Perceptual encoding of audio (like Vorbis, MP3, and AAC), images and video (like Theora) is one of the most popular ways to compress data, providing a balance between file sizes and what humans perceive as "verisimilar".
The current JPEG format, widely used by almost every page to show "potographic" images (and many other applications) shows poor compression rates while a given "quality ratio" is specified. Also, it performs poorly when low "quality ratios" are selected.
The JPEG2000 format is a more efficient format based on Wavelet Transforms rather than Discrete Cosine Transforms to compress data. The "quality ratios" can be selected very low and the images still show good quality, among many other features that JPEG does not have (like being a lossy compression format with support for transparency).
(As a side note, you can check which image formats your browser supports at browserspy.dk).
There are implementations of the JPEG2000 format that are Free/Libre Open Souce but not widely used. The perceived reason for this has the nature of a "chicken-and-egg" problem: no browsers support it (apart from Apple's Safari, with the use of Quicktime), and no users have still employed it, leading to little support in browsers.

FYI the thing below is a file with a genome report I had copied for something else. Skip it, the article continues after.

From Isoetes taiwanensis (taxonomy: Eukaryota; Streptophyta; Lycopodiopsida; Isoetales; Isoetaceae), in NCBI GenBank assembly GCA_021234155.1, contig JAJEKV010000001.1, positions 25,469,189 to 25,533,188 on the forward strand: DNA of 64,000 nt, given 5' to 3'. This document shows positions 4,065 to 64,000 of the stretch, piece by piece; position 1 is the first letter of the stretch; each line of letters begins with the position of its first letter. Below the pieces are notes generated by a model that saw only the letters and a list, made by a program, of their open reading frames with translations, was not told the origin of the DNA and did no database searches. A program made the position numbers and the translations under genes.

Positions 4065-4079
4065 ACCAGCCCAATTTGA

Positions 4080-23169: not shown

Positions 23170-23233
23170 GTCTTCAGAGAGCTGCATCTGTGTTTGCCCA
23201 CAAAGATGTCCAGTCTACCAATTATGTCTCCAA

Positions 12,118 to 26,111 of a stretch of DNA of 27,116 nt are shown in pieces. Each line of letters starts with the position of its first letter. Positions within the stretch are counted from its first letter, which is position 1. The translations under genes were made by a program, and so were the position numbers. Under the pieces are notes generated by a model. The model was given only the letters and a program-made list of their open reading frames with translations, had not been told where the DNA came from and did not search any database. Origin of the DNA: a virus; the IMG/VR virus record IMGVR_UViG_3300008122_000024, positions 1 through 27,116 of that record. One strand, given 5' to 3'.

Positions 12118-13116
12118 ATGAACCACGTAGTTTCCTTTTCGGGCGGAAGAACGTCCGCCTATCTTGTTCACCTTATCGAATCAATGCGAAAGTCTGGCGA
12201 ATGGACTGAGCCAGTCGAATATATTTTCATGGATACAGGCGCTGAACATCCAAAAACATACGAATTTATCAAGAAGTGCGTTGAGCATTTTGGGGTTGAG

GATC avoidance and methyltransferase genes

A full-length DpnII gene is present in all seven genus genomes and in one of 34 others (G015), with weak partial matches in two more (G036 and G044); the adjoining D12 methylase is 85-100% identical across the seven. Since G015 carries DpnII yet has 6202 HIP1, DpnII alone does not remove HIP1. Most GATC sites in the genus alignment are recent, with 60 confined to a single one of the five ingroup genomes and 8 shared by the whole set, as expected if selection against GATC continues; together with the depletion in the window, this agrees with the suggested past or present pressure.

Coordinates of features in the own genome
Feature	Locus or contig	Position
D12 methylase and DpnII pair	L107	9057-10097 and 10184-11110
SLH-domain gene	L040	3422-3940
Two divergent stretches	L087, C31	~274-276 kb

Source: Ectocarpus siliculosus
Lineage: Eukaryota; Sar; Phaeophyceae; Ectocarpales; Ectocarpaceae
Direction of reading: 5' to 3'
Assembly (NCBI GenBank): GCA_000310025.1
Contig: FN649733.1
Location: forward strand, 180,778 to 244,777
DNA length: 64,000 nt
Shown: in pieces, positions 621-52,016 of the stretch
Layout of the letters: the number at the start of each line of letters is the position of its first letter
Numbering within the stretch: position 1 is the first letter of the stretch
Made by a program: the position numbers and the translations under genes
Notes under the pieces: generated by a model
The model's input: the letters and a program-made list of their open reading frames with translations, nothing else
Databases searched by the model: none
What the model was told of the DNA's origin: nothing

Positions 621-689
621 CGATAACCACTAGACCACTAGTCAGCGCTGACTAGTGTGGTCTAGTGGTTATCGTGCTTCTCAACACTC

There is a very long-lived bug in Mozilla's bugzilla system (almost a decade ago) that asked support for the "new" file format to be supported.
Yesterday, this long-standing feature request was closed with the "WONTFIX" tag, citing the the "chicken-and-egg" problem. This has caused many replies from both the developer and user community, and even a comment from Mark Shuttleworth stating "We'd consider a patch for the Ubuntu builds of Firefox." and Mike Hommey, one of the principal maintainers of Iceweasel for Debian.